Dharma and the enjoined subject: Jaimini’s Mīmāṃsāsūtras and the study of ritual

Ngaihte, Samuel (2018) Dharma and the enjoined subject: Jaimini’s Mīmāṃsāsūtras and the study of ritual. PhD thesis, Middlesex University / Oxford Centre for Mission Studies.

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Abstract

This thesis is an enquiry into the conception of dharma by Jaimini in his Mīmāṃsāsūtras with the aim of arguing for its contemporary relevance, particularly for the scholarship on ritual. It seeks to do this by offering a hermeneutical re-reading of the text, primarily by investigating the theme of the relationship between subjectivity and tradition in the discussion about dharma, and bringing it into conversation with contemporary discourses on ritual.
The central argument that is proposed in this thesis, based on this re-reading, is that Jaimini’s conception of dharma can be read as a philosophy of Vedic practice that is centred on the enjoinment of the subject, whose stages of transformation can be seen to possess the structure of a hermeneutic tradition. This argument, which places subjectivity and tradition at the heart of the explanation of Vedic practice, is then discussed with the scholarship on ritual in order to indicate its contemporary relevance.
Therefore, the explication of the central argument, which is based upon the insights gleaned from this hermeneutical re-reading of Jaimini’s Mīmāṃsāsūtras, will be broken down into two main aims. The first aim will attempt to demonstrate that the significance of Jaiminian enquiry lies in its conception of dharma as an embodied traditionary practice that possesses the structure of a hermeneutic tradition. The second aim will attempt to demonstrate that this re-reading of Jaimini’s enquiry can offer both substantive and methodological insights to the contentions within the contemporary study of ritual. Jaimini’s conception of dharma enables me to introduce the notion of subjectivity at the heart of the explanation of ritual and allows the possibility of re-imagining a way beyond the reductionist explanations of ritual in contemporary scholarship.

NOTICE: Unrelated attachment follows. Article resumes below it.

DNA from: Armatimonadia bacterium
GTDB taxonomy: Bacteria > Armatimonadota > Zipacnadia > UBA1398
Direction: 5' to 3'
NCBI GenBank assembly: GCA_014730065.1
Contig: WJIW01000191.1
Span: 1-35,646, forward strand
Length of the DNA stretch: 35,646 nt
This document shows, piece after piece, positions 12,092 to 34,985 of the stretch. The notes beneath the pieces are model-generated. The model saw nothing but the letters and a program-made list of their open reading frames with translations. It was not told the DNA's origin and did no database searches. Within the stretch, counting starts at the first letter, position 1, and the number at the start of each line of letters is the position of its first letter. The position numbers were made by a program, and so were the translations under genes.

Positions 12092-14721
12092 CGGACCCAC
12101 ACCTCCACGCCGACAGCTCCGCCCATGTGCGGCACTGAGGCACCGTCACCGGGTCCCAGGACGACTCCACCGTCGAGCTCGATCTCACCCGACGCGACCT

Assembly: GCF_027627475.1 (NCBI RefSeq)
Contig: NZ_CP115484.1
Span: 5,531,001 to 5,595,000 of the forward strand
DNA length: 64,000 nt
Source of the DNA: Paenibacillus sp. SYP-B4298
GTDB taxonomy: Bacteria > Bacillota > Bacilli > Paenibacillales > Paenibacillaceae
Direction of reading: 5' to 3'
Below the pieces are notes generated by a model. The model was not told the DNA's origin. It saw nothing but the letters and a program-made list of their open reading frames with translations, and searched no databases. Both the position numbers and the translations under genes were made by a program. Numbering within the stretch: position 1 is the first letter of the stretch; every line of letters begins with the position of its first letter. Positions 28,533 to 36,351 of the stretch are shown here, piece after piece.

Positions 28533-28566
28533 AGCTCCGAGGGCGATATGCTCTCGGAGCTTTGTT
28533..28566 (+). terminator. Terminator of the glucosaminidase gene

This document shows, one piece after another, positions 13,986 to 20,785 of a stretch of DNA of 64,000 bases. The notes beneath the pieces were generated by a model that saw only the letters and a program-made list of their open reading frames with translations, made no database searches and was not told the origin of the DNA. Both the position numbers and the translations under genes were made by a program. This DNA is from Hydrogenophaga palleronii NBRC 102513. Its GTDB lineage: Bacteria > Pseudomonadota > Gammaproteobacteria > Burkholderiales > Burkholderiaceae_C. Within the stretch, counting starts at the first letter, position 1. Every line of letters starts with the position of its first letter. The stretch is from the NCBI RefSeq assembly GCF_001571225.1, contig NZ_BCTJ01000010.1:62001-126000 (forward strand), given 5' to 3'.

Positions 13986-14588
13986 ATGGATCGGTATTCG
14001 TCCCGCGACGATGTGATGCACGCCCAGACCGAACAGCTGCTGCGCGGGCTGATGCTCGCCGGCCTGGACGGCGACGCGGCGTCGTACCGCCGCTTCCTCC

Item Type: Thesis (PhD)
Research Areas: A. > School of Law
B. > Theses
C. Collaborative Partners > Oxford Centre for Mission Studies
Item ID: 25912
Depositing User: Vimal Shah
Date Deposited: 04 Jan 2019 13:51
Last Modified: 01 May 2019 18:59
URI: https://eprints.mdx.ac.uk/id/eprint/25912

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